ZLatan Ibrahimovic, Anthony Martial, Bastian Schweinteiger, Morgan Schneiderlin and Marouane Fellaini all return to training at Manchester United this week following their mandatory FIFA-imposed three week break after Euro 2016.
The arrival of Jose Mourinho has galvanised the side, and with the additions of Ibrahimovic, Henrikh Mkhitaryan and Eric Bailly, a promising campaign lies ahead.
But what is in store for these five, and what will they hope to achieve under the Special One?
Despite not costing a penny, Ibrahimovic is without doubt the marquee signing of the summer – not just in England, but across the world. Some have questioned the Swede’s age, insisting that the 34-year-old won’t adapt well to the notoriously physical Premier League. But just try telling that to Zlatan, a man – or ‘God’, as he has called himself – who has won nine trophies in 10 seasons and scored 121 goals in three years. Working under Mourinho again, there’s no limit to the damage Zlatan can inflict on defences next season.
Last season, Martial often had to do it all on his own. Whilst everything fell apart around him, the 20-year-old nonchalantly kept afloat, and served as the one constant source of excitement and hope in an otherwise gloomy season. Under new and improved management, complimented a more attacking style and further attacking reinforcements, Martial has everything at his disposal to build on a groundbreaking debut season in England.
After a strong start, Schweinsteiger – United’s biggest signing last summer – faded away under the weight of persistent injury woes. At 32, some – including Pep Guardiola – have raised concerns surrounding his mobility and stamina. Next season serves as an opportunity for the German to demonstrate that the composure, awareness and vision that saw him win practically every major honour during his time at Bayern Munich has not eluded him.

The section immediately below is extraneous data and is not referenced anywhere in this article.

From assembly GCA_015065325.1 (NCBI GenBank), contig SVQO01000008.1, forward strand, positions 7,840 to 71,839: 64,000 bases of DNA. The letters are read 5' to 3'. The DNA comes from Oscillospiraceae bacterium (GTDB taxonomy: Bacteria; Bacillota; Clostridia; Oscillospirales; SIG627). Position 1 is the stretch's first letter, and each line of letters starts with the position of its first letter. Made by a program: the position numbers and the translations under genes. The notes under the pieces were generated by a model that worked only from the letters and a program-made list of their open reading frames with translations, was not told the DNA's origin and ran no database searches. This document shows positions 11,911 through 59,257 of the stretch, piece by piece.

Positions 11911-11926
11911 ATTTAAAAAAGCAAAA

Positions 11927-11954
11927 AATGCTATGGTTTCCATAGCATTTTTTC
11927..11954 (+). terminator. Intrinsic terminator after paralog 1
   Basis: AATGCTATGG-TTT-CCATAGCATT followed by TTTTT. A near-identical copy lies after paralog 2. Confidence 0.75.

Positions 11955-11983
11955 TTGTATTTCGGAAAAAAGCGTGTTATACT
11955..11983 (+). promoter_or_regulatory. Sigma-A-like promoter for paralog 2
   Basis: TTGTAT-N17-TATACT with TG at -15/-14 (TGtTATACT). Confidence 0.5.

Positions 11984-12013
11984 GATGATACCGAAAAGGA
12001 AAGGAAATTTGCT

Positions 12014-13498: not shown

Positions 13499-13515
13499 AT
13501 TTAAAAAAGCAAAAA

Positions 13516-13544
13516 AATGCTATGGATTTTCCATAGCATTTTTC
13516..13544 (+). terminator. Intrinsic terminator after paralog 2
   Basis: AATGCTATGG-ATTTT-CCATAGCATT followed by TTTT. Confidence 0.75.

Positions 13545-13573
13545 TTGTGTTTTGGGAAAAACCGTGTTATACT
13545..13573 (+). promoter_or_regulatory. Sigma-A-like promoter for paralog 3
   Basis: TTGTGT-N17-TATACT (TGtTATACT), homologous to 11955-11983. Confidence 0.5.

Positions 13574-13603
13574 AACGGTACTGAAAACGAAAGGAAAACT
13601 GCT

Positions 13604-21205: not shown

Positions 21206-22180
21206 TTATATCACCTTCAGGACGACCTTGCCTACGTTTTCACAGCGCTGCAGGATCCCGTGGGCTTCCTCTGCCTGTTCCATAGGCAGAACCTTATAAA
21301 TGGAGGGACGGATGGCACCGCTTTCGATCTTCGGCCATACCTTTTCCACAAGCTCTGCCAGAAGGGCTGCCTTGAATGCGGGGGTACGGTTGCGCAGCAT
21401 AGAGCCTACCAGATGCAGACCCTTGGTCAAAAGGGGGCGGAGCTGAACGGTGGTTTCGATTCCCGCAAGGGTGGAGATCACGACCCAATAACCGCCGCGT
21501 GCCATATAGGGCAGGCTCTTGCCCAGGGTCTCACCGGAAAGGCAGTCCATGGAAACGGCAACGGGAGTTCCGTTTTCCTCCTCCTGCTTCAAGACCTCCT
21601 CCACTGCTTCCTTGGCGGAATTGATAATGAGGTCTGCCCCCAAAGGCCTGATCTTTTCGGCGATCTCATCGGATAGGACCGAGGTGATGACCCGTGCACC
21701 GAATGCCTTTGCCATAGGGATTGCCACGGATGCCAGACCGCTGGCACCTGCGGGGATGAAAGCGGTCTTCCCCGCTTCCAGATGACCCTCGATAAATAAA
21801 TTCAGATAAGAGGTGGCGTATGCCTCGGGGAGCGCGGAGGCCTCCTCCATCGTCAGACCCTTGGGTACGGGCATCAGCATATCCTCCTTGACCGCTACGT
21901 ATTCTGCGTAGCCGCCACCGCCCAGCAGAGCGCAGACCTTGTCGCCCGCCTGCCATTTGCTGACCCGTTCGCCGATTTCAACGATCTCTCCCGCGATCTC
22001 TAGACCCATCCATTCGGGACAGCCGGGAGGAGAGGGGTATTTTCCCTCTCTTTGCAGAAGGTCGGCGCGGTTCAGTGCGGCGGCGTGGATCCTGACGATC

The Frenchman fell victim of a rare formation change by Louis van Gaal last season, where the Dutchman went from having two defensive midfielders to just one in April, meaning Schneiderlin, who had impressed many up to that point, was largely absent for the closing stages of the season. But despite his recent lack of game time, Schneiderlin will be confident of cementing himself as a regular in Mourinho’s side next term. His resilient, aggressive, no-nonsense approach aligns with the 53-year-old’s conception of the ideal defensive midfielder, and could prove to be a fundamental part of the squad after several months of non-action with both United and France.
It was initially thought that Fellaini’s lack of speed, precision and awareness would preclude himself of having much of a future under Mourinho. And for most supporters, seeing the Belgian leave would not be a surprise nor a cause for lamenting. However, Fellaini, divisive as he may be, does offer an alternative dimension, a Plan B that could prove useful against obstinate lower sides. His aggression and unique presence on the pitch could appeal to Mourinho, who will mainly use the 28-year-old from the bench.